When Virginians debated disestablishment in the 1780s, the options were not a rejection of church-state ties or the maintenance of the Church of England, but rather the former posed against the creation of a multiple establishment. Presbyterians lined up on either side—Hanover Presbytery eventually sided with the Baptists against any kind of establishment. But behind the scenes was a major cultural clash between the Scotch-Irish Presbyterians of the Shenandoah Valley and the Blue Ridge Mountains who were vocal partisans of disestablishment and a faction associated with Hampden-Sydney College in the Piedmont that was inclined to support Patrick Henry’s proposal for a general assessment for religion.
The Overton window for multiple establishments in the states quickly came and went. But what replaced this concept was something that Jefferson and his allies considered just as bad. The Reformed, far from dwelling on their temporary alliance with Jefferson (in Virginia at least), became architects of what both their religious adversaries and historians have described (or derided) as an informal establishment—one created more by institutional mobilization and cultural power than by law, exercised in part through the panoply of interlocking associational life known as the “Evangelical United Front” or the “Benevolent Empire.”
The organs of this institutional empire, founded in the first few decades of the nineteenth century, included such stalwarts as the American Bible Society, the American Tract Society, the American Sunday School Union, the American Education Society, and the American Board of Commissioners for Foreign Missions. Most of these societies claimed, to varying extents, to be nonsectarian. The Bible Society came the closest to this ideal, followed by the Tract Society. The others were closely associated with the Presbyterians and Congregationalists.
Even in the most nonsectarian of these organizations, the Reformed held pride of place. Disgruntled Baptists and Methodists frequently complained that they were excluded from decision-making power in organizations like the American Tract Society. They were joined by Roman Catholics, Universalists, and Deists who thought that these societies’ decision to frame themselves as national, “American” institutions was presumptuous and intended to constitute a de facto national church.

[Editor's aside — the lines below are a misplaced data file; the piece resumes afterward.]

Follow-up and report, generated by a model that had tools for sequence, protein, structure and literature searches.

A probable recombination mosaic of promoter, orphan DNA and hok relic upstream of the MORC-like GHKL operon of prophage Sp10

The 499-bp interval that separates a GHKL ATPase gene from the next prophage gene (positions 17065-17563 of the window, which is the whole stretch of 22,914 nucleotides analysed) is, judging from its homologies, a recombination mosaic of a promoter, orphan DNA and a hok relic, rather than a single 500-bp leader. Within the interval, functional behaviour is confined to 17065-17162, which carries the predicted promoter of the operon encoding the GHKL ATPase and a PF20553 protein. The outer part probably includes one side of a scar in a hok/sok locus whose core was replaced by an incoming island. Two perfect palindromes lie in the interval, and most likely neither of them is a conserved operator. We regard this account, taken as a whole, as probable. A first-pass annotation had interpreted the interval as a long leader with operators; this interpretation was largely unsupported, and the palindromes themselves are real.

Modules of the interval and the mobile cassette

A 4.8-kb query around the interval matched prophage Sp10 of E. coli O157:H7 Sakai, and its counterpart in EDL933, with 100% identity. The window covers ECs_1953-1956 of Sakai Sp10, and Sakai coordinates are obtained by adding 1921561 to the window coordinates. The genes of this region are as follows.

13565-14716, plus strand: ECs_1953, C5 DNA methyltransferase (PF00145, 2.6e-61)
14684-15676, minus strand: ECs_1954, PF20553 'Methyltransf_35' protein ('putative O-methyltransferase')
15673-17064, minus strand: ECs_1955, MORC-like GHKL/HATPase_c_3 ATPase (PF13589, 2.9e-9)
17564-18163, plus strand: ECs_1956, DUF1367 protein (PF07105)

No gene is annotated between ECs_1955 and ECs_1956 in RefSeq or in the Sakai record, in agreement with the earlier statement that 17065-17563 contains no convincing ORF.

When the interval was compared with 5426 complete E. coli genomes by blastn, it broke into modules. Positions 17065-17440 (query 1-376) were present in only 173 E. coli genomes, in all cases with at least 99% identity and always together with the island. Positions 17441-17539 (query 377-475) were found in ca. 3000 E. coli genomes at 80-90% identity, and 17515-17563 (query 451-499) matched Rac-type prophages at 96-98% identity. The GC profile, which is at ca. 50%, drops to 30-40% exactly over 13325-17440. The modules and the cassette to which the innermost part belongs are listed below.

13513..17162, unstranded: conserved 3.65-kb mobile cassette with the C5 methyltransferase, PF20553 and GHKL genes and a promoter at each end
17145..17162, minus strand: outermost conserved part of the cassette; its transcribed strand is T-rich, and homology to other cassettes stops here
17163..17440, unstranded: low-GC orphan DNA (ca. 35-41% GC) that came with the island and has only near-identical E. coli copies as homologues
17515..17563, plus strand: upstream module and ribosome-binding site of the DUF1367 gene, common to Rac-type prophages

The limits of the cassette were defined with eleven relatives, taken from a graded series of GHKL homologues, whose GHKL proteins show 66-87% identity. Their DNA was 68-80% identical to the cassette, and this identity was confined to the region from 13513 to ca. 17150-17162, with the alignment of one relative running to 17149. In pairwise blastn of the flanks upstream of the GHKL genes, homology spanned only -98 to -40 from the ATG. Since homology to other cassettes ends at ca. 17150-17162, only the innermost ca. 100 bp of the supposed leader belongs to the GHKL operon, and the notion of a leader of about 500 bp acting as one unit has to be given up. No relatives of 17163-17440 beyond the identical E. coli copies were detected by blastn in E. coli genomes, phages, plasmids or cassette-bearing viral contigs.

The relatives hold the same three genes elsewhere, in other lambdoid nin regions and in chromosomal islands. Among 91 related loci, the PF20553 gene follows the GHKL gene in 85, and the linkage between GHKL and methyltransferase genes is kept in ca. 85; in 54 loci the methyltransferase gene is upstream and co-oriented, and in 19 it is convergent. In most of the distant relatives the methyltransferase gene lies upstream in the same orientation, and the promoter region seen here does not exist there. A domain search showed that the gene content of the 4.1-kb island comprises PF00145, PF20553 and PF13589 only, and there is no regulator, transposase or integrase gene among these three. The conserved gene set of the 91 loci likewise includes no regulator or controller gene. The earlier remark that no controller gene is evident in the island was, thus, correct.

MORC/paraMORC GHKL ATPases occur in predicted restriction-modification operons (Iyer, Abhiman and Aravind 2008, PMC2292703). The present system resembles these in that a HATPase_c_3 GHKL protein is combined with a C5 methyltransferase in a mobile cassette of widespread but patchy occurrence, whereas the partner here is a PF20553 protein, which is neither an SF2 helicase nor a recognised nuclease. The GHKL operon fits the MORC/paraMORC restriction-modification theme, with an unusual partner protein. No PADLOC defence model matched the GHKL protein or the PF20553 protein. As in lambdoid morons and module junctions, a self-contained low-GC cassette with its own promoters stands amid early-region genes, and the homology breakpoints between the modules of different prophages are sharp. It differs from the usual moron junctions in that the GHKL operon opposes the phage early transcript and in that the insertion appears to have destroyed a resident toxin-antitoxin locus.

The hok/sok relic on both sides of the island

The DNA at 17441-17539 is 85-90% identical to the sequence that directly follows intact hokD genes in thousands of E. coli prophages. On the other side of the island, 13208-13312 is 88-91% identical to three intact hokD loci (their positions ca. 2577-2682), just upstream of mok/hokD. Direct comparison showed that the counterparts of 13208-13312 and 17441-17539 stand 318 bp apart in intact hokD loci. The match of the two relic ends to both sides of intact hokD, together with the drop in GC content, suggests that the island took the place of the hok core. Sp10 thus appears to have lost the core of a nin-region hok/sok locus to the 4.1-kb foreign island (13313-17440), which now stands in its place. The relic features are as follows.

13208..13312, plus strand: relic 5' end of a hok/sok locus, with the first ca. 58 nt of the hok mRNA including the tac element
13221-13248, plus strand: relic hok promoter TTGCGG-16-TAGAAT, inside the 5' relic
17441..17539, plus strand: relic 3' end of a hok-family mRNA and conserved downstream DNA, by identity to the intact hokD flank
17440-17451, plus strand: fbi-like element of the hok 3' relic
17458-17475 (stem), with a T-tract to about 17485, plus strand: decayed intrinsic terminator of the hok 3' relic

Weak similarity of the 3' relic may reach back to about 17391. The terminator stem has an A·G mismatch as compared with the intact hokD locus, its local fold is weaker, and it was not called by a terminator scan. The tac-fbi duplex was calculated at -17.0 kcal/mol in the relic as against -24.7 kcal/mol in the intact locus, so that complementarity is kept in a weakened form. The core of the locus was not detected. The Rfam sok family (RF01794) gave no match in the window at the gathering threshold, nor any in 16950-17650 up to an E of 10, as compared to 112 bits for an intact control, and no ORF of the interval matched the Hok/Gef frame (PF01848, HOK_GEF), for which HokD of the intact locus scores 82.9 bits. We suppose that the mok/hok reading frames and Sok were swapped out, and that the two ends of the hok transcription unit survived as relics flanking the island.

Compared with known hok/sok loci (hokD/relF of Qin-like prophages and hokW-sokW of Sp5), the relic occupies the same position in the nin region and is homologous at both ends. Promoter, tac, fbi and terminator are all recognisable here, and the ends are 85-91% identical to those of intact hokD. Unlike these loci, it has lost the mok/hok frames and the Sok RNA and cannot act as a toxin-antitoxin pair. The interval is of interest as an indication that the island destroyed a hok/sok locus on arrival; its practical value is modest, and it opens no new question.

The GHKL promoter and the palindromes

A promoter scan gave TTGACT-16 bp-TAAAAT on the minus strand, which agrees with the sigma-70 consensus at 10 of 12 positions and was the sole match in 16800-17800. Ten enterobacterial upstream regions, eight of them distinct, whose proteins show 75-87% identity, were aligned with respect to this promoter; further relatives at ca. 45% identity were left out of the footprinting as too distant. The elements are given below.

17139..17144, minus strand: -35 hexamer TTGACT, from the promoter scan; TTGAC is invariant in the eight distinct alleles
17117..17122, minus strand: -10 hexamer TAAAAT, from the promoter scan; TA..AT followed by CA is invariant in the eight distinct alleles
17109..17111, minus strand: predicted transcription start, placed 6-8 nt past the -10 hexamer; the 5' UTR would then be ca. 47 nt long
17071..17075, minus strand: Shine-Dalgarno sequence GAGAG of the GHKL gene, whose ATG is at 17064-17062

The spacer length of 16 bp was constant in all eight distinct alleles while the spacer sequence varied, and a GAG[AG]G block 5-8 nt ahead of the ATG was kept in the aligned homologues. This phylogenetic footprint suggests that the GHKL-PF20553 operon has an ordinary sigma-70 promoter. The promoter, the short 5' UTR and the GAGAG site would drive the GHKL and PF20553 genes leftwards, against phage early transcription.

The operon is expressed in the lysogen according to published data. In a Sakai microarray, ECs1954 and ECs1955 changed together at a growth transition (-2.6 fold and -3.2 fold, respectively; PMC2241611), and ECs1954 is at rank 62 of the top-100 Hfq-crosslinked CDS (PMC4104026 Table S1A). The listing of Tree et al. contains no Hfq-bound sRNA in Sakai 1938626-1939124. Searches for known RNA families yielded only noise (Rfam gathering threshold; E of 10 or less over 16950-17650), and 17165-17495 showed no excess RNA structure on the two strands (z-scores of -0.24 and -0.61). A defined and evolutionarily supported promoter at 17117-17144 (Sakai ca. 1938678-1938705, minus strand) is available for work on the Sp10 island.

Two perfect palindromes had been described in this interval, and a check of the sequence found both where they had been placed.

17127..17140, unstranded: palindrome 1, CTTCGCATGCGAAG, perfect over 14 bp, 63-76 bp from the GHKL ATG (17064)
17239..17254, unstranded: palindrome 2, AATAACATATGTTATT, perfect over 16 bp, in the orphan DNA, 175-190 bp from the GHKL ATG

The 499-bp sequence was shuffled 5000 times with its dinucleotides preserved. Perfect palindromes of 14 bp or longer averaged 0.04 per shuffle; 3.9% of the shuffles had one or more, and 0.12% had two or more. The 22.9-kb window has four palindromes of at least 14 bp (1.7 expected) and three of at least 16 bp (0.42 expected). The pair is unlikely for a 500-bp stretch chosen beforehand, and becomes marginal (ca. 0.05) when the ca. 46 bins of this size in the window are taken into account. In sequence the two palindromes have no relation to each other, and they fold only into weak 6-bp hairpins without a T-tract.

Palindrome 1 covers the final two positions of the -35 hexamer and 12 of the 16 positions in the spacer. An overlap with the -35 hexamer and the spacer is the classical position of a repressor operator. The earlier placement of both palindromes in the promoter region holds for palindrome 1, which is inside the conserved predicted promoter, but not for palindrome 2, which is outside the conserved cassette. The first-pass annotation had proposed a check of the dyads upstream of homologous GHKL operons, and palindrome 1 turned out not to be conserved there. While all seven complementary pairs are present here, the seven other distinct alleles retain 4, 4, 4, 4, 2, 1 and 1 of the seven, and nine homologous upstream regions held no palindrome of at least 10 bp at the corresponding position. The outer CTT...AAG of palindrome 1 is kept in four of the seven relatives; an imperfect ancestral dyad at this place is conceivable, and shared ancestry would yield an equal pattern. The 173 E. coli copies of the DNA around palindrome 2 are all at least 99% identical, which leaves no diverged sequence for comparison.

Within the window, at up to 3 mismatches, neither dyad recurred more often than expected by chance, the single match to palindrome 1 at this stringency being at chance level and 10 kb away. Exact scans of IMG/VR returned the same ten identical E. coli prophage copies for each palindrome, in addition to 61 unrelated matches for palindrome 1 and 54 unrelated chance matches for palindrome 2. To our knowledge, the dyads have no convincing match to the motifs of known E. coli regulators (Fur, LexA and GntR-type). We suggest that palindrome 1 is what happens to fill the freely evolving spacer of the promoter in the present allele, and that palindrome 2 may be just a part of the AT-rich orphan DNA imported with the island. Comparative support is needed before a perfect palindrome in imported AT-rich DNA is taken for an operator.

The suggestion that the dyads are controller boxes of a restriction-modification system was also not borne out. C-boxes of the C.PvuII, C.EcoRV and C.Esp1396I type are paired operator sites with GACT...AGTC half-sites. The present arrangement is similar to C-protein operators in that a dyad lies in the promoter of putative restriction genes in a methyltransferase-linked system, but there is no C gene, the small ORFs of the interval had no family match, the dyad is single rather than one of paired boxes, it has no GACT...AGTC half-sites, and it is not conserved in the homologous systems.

Since 1801, Congregationalists had been cooperating with Presbyterians in the work of frontier church planting as part of the Plan of Union. In this arrangement, Congregational ministers in places like New York and Ohio participated fully in presbyteries and synods. As a result, many Americans outside of the Reformed nexus tended to group them together as a single denomination and to lump the nefarious New Englanders into the category of “Presbyterians.”
In the 1820s, the claim that Presbyterianism was likely to be imposed as a national religion was common to those outside the Reformed orbit. Deists like George Houston surmised that “the Calvinistic clergy in this country” had constructed “a deep laid, well digested, undeviating design of introducing a church establishment of the Presbyterian description.” Many critics saw the institutions of the benevolent empire as a sort of establishment in waiting, forming the backbone for a future “national religion.” The Quaker William Gibbons went so far as to claim in 1822 that “the Presbyterian clergy in New England, were plotting to establish their creed throughout the union; to have all other sects taxed to support their aggrandizement, and thus give the death-blow to civil and religious liberty in this country.” These were the claims of some of the most severe critics of evangelicalism and particularly Reformed Protestantism. But a few decades into the nineteenth century, it had become common for evangelicals both to praise voluntaryism and to argue that the evangelical denominations, though divided, formed an invisible unity.